Maternal Immunisation And Tdap Vaccination Improves Survival Of Newborns In Malaysia – Prof Dr Jamiyah Hassan

By working together to prioritise newborn health, we can address the gap in protection during a baby’s early months of life.

I am writing to express my support for the recent announcement that the Ministry of Health (MOH) is considering including the three-in-one Tetanus-diphtheria-pertussis (Tdap) vaccine in the public vaccination programme for expecting mothers, especially with the latest rise in pertussis cases in places like Rompin and Alor Gajah.

As an advocate for maternal immunisation, I am heartened by the fact that the MOH is looking to take proactive measures to enhance accessibility to relevant preventive measures. These efforts are crucial steps in reducing the risk of vaccine-preventable diseases in newborns and promoting overall child health in Malaysia.

Despite the significant global progress in reducing childhood mortality since 1990, driven by the United Nations’ Sustainable Development Goals (SDGs), which aim to eliminate preventable deaths of newborns and children under five by 2030, there has been a slowdown in survival gains since 2010, particularly in neonatal mortality, which refers to the death of a newborn within the first 28 days of life.

Approximately 6,400 newborns lose their lives daily, with nearly 47 per cent of child deaths under five years of age, while in Malaysia, the neonatal mortality rate in 2021 was 4.1 per 1,000 live births, slightly higher than the 2020 rate of 3.9.

Improving newborn survival is essential, and prioritising disease prevention becomes crucial when vaccine-preventable infections have been identified as significant contributors to neonatal mortality.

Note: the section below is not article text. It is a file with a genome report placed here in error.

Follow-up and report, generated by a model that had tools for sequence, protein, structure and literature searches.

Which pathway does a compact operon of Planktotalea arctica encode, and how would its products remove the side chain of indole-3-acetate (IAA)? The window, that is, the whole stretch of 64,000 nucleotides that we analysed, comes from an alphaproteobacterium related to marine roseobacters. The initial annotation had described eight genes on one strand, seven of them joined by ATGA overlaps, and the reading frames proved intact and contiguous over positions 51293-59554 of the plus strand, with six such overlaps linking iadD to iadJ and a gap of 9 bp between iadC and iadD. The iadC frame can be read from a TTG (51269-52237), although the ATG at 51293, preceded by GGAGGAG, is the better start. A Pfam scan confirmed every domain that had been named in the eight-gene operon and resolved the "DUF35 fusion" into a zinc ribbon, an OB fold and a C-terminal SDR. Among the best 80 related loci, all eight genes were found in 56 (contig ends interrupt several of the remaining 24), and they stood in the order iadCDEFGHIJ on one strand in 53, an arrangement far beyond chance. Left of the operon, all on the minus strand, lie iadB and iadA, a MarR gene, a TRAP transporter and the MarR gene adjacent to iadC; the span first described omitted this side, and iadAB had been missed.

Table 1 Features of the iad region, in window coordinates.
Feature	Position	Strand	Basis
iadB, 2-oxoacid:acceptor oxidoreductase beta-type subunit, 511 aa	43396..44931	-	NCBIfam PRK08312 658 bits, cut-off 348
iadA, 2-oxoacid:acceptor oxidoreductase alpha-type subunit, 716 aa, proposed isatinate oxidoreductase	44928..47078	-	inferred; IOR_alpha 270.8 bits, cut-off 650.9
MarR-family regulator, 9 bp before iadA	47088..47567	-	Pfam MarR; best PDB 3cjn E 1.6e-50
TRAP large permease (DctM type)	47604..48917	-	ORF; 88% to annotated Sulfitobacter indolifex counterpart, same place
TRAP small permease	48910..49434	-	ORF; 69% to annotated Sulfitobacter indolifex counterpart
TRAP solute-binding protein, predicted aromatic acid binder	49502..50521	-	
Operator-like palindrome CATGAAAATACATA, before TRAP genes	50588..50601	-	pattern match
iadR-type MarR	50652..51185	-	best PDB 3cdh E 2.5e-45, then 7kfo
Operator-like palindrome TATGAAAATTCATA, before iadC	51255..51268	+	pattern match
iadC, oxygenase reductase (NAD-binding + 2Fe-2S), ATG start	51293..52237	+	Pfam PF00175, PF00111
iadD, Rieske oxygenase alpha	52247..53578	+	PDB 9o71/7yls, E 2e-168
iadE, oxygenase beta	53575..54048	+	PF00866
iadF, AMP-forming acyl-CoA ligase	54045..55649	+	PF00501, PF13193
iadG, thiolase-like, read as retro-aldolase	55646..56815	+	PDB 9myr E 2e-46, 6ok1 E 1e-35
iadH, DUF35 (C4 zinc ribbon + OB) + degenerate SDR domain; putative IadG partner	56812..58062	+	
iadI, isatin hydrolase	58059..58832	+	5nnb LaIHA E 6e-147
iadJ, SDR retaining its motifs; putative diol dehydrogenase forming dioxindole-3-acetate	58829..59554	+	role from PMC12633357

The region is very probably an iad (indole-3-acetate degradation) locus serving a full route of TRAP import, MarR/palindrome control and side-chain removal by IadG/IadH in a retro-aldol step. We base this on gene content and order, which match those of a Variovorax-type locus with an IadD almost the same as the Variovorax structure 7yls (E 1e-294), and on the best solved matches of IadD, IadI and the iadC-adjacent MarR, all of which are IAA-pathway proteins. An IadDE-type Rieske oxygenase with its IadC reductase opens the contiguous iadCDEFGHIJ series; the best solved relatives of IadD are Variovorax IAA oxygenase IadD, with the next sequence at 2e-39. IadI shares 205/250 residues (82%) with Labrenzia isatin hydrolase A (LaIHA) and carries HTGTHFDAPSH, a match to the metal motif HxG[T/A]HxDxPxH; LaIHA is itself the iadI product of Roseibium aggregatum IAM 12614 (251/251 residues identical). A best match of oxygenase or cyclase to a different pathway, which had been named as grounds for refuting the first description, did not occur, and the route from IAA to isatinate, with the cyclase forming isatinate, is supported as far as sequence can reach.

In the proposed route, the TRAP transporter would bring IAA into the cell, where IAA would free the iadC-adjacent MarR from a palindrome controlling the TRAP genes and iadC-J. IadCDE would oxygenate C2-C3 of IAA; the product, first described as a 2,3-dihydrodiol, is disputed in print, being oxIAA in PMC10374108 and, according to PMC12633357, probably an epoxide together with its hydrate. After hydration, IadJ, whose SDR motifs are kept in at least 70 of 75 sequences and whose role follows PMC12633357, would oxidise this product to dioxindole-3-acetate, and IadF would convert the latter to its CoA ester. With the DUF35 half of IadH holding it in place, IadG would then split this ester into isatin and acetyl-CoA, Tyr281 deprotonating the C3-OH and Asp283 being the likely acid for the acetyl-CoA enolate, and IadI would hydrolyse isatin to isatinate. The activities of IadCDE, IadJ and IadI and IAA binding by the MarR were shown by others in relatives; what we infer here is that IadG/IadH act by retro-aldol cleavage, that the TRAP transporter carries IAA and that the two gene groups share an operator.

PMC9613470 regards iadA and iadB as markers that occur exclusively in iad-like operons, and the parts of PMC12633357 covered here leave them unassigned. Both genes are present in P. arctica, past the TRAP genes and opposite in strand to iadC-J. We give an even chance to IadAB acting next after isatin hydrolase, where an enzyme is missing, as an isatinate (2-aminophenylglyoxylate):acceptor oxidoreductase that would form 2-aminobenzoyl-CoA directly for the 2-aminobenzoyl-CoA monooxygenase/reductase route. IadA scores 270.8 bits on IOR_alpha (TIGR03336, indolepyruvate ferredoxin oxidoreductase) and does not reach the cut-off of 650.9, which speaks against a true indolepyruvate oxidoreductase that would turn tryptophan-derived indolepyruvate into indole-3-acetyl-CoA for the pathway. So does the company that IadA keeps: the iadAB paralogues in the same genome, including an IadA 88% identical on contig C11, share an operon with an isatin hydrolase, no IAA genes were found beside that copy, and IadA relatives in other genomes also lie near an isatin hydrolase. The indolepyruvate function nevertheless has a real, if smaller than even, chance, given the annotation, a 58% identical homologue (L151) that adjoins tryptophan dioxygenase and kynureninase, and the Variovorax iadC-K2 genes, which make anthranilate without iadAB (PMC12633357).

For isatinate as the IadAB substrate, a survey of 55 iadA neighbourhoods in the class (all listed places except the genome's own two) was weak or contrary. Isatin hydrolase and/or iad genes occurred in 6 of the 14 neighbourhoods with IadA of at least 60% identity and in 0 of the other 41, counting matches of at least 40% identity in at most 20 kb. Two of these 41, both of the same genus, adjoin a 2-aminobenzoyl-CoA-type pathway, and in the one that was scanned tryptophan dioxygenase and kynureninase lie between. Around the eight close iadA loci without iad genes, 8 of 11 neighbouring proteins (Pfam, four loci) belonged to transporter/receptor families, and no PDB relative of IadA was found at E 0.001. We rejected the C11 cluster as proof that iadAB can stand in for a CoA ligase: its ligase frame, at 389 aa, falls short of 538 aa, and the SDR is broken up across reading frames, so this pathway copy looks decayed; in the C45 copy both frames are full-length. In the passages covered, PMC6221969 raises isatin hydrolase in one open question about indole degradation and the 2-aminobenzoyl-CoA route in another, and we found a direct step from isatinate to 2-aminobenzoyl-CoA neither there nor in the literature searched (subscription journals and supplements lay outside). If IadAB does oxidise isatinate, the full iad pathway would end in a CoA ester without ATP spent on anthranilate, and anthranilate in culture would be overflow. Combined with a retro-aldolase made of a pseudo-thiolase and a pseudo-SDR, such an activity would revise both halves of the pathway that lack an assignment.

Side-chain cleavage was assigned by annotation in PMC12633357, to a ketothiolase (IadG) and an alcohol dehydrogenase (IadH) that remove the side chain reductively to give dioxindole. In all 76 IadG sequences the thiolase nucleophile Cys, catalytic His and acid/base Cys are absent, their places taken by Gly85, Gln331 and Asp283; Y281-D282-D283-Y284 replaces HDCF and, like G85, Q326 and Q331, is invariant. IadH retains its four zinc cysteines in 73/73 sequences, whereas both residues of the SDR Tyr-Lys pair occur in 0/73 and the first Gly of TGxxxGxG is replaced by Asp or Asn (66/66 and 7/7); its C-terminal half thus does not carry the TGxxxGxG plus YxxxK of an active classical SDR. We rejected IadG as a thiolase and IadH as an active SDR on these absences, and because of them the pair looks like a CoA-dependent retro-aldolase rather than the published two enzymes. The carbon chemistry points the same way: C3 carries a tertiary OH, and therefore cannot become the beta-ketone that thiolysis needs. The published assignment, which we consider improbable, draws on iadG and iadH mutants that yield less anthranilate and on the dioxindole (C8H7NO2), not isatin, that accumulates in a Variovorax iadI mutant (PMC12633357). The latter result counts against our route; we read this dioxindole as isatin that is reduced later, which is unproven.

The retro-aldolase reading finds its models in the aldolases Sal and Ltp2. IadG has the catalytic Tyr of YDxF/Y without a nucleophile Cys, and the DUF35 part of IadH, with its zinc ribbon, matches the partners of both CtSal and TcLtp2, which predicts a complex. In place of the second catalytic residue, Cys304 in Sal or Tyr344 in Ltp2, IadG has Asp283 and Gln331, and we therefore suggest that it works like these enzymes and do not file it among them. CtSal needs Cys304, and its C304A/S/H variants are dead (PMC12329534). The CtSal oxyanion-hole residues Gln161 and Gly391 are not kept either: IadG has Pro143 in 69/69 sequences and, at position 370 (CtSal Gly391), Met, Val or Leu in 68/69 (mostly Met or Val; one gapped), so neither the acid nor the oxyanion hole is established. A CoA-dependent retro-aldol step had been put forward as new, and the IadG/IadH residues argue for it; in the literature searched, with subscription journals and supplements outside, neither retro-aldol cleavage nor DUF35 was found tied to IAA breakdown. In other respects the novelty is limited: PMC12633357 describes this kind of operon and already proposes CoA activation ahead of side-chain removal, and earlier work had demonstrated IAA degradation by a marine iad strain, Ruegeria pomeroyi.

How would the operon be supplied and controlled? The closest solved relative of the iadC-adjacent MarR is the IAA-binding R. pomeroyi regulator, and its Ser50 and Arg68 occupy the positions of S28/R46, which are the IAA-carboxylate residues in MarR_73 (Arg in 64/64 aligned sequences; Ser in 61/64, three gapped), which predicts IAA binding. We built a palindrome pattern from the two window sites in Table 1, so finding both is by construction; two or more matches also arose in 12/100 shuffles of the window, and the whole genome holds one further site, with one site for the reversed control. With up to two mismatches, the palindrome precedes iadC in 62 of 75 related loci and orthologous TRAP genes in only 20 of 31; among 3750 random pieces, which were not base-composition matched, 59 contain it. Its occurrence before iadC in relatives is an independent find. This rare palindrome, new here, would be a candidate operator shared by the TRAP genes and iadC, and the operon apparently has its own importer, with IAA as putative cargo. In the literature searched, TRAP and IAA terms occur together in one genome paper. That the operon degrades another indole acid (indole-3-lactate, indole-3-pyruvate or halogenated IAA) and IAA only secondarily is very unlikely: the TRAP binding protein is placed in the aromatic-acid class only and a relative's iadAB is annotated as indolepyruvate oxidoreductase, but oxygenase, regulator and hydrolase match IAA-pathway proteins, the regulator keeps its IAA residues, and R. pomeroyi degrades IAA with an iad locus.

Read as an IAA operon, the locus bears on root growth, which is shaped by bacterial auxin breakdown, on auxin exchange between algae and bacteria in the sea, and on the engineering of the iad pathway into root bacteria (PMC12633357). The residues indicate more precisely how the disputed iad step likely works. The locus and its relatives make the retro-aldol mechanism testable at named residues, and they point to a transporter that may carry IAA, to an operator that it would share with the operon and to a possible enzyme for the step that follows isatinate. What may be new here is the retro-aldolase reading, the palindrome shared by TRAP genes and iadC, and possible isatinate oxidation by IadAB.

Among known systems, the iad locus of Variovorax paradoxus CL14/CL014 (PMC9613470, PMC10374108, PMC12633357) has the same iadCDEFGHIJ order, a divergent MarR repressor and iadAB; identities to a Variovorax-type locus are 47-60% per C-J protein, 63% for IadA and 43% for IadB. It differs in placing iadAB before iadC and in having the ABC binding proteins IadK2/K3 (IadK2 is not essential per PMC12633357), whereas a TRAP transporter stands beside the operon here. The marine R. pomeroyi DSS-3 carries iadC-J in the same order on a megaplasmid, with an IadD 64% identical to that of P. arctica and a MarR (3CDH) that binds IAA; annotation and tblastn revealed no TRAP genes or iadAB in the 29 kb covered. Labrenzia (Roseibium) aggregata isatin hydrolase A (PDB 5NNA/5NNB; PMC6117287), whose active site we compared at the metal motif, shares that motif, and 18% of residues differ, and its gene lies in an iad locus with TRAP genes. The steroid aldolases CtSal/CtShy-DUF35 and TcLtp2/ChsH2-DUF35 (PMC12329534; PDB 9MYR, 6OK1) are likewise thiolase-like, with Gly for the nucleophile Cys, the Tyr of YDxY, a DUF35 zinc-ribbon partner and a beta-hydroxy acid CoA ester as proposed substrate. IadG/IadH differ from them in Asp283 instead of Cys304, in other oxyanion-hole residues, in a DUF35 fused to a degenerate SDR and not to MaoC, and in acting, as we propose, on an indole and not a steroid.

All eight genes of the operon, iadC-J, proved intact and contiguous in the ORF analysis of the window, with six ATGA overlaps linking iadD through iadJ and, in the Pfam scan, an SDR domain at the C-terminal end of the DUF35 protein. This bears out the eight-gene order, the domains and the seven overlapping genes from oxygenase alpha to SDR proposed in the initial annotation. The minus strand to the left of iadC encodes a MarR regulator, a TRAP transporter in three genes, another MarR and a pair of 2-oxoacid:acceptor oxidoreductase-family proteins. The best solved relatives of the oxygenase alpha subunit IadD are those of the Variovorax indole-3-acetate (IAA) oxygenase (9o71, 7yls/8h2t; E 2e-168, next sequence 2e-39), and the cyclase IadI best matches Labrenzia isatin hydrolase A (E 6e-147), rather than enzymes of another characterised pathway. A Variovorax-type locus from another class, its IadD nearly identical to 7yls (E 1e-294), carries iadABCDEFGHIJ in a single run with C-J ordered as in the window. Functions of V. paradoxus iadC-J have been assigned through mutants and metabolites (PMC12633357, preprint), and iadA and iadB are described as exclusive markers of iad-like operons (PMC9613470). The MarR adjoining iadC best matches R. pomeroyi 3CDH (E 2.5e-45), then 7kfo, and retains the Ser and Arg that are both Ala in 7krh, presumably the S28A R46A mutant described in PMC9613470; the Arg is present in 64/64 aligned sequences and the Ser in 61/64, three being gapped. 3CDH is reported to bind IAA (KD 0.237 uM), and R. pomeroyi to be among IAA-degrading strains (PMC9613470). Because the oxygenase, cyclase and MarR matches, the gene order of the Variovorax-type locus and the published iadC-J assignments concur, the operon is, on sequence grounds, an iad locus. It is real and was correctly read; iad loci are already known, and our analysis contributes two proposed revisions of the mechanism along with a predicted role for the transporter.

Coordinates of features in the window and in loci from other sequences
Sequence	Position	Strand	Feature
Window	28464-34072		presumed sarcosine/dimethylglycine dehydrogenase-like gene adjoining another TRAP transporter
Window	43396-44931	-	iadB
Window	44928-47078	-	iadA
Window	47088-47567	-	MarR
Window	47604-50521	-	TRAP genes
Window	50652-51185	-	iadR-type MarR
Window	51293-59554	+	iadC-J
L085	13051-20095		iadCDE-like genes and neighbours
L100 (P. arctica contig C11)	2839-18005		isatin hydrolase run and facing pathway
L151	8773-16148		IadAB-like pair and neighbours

However, a considerable challenge arises to protect infants less than three months of age who are too young to be vaccinated from infectious diseases like pertussis without active vaccinations.

Why Is Maternal Immunisation, Or Vaccination In Pregnancy A Public Health Priority?

To bridge this gap, maternal immunisation has emerged as one of the most effective solutions, as this approach is already widely practised in many developed countries and is a proven method to prevent illnesses and save lives.

By receiving vaccinations during pregnancy, a mother can achieve a dual advantage: boosting her own immunity and providing vital protection for her unborn child.

The antibodies developed in the mother’s body are transmitted to the baby through the placenta, giving essential protection at the time of birth and continuing to shield the child for several months thereafter, until the baby receives their own vaccinations.

This unique phenomenon of a single intervention benefiting both the mother and her child is a noteworthy achievement in public health and empowers mothers with valuable protection at a time when she is most needed.

In Malaysia, maternal Tetanus Toxoid (TT) vaccination is included in the public programme for pregnant mothers. However, we must always remain vigilant and adapt our strategies to effectively address any emerging cases of vaccine-preventable diseases.

Pertussis (Whooping Cough): A Rising Concern Impacting Newborns And Infants

The World Health Organization’s (WHO) Expanded Programme on Immunization has initially reduced global pertussis cases, but the disease is now re-emerging, due to waning immunity and vaccine refusal or delay.

Countries in South Asia and Southeast Asia have high neonatal pertussis burdens, with cases increasing in infants under three months, leading to mortality rates of 5.6 to 14.7 per cent in the region. This vulnerable age group faces a higher likelihood of severe disease and hospitalisation.